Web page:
Then why is the explanation confusing? I find it pretty clear...
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My blog at https://sqlkover.com.
MCSE Business Intelligence - Microsoft Data Platform MVP
January 28, 2011 at 2:01 am
Thanks for introducing new topic. I had not heard about it before
M&M
January 28, 2011 at 2:09 am
I do not agree that the answer is right.
Think it is supposed to be 0.
the standard deviation s (sigma) is the square root of the average value of (X - ยต)2.
Which means s = sqrt(((1-1)^2)/1) = 0
Or in other words std. deviation equals sqrt of (population-avarage) sq / number of population values
Please correct me if im wrong on the formula it has been a while since i used my statistics ๐
January 28, 2011 at 2:34 am
mdv 9731 (1/28/2011)
I do not agree that the answer is right.Think it is supposed to be 0.
the standard deviation s (sigma) is the square root of the average value of (X - ยต)2.
Which means s = sqrt(((1-1)^2)/1) = 0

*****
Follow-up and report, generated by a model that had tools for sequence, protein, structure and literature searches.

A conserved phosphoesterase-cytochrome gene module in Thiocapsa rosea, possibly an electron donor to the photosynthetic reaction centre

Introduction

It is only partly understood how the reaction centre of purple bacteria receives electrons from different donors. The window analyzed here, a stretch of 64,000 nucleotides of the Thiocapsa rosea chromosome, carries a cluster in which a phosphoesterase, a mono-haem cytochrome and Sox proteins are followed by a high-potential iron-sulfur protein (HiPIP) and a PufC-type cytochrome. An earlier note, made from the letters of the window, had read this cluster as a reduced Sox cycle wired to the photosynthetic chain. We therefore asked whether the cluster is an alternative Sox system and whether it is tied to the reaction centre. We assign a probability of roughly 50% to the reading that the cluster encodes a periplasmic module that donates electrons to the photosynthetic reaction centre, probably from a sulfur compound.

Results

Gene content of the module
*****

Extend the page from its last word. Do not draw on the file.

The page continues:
Or in other words std. deviation equals sqrt of (population-avarage) sq / number of population values
Please correct me if im wrong on the formula it has been a while since i used my statistics ๐
Even if your statistics say it is 0, SQL Server returns NULL, so the answer is still correct.
You can verify it by running the query in SQL Server Management Studio.
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MCSE Business Intelligence - Microsoft Data Platform MVP
January 28, 2011 at 2:50 am
I'm not really going to comment on that answer.
Just happy you are not creating any kind of BI og reporting in our company ๐
I might be wrong but i still question the result.
Even if i know that it doesnt make much practical sence to talk deviation on 1 value.
January 28, 2011 at 3:01 am
Koen (da-zero) (1/28/2011)
Then why is the explanation confusing? I find it pretty clear...
The explanation is "The denominator of the variance for a sample population is n - 1, resulting in division by zero."
This suggests it should give an error, and doesn't explain why it results in null instead.
I guessed wrong, but I'm not sure what the question was supposed to prove, other than if you apply a function wrongly then you get a meaningless answer!
January 28, 2011 at 3:17 am
mdv 9731 (1/28/2011)
I'm not really going to comment on that answer.Just happy you are not creating any kind of BI og reporting in our company ๐